Fighting a Traffic Ticket
Should I Fight a Traffic Ticket?
Some tickets you can fight, and others you cannot. You must first determine what kind of ticket you got. Your success on fighting a ticket will be largely based on the type of ticket you got. As an alternative to fighting a ticket you may just want to take the easier alternative and pay the fine and/or go to traffic school to have any points removed from your record.
What Questions Should You Ask Yourself Regarding Fighting a Ticket?
You should always ask, “What am I charged with?” Many times police don’t know the law, and technically what you did was not actually a violation of the law -- the officer simply thought it was. Many officers are not correctly informed or up to date on the law and make mistakes on the application of many laws.
What Suggestions Do You Have in Breaking Down the Charge?
Many state DMV’s have traffic laws available on the internet. At first, simply break down whatever you are charged with into parts and analyze what you have done as against the law as written. This will help you critique whether you have any case at all.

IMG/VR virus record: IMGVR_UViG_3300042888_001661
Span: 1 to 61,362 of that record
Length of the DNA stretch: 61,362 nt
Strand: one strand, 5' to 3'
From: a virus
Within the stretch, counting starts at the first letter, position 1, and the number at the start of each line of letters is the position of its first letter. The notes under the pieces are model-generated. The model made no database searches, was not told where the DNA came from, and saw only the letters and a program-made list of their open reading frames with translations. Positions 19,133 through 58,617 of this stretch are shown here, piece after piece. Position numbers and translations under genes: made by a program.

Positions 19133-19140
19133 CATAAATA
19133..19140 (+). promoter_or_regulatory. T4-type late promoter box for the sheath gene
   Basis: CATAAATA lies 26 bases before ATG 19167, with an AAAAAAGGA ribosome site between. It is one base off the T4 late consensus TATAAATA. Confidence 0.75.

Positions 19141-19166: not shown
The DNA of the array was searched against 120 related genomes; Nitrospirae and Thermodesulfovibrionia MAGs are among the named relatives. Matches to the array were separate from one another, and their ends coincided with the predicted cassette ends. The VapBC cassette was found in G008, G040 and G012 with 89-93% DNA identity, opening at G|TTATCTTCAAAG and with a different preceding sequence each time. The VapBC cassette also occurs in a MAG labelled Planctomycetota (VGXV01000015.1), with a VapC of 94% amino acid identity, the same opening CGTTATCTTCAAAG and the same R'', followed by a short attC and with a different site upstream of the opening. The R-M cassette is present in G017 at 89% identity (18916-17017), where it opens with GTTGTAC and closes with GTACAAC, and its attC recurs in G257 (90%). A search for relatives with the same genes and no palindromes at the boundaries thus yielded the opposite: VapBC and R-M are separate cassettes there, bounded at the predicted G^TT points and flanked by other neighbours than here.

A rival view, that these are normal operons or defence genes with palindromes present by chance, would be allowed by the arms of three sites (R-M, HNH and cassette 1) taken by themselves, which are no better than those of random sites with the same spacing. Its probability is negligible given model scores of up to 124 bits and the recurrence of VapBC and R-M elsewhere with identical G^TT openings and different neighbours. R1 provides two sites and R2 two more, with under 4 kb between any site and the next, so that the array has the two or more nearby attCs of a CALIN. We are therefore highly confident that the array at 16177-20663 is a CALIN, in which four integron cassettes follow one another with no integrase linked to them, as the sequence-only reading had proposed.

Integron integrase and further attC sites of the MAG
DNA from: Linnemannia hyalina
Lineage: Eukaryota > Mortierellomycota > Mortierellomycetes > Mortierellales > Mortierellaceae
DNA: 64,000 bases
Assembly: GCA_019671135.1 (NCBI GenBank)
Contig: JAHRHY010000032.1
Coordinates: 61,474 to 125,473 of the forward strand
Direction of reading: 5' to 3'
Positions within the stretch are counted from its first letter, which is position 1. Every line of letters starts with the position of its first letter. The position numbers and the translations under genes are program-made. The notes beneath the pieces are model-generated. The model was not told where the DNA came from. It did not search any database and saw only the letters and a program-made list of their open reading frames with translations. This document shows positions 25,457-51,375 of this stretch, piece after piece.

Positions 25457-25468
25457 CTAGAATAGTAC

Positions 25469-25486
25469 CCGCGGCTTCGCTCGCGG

How Closely Do Judges Follow the Word of the Law for Traffic Violation Cases?
Judges will stick to the law in these cases. This type of hyper-technical, word-by-word reading of statutes is the key skill all lawyers and judges learn in law school. In fact, they know of no other approach.
What Other Types of Questions Should I Ask Myself about the Case?
- Was the officer's view obstructed by something – If so, this allows you to argue the officer could not have clearly seen the alleged offense
- Did the officer stop the right car – In heavy traffic for an officer to see a violation committed by one car and stop another in not uncommon
- Were you charged with speeding when you were driving safely – In some states, the law says it's legal to drive slightly over the posted speed limit as long as it is safe to do so
- Was there an actual, provable error in the officer's approach or methodology – Did the officer correctly pace your vehicle or properly use radar, laser or VASCAR to establish your speed?
Do I Have any Chance against the Citing Officer in Court?
By right the judge must listen to both sides of the story in court. If you have good reason to defend against the traffic violation, there is no reason the officer should be at an advantage. As long as you are throwing facts and law at the judge, and not lies and circumstance, you should have a case.
What Happens if the Officer Doesn't Show up in Court?
No matter what your defense is, you normally win if the officer fails to show up.
Consult a Lawyer - Present Your Case Now!
Last Modified: 01-06-2011 12:18 PM PST
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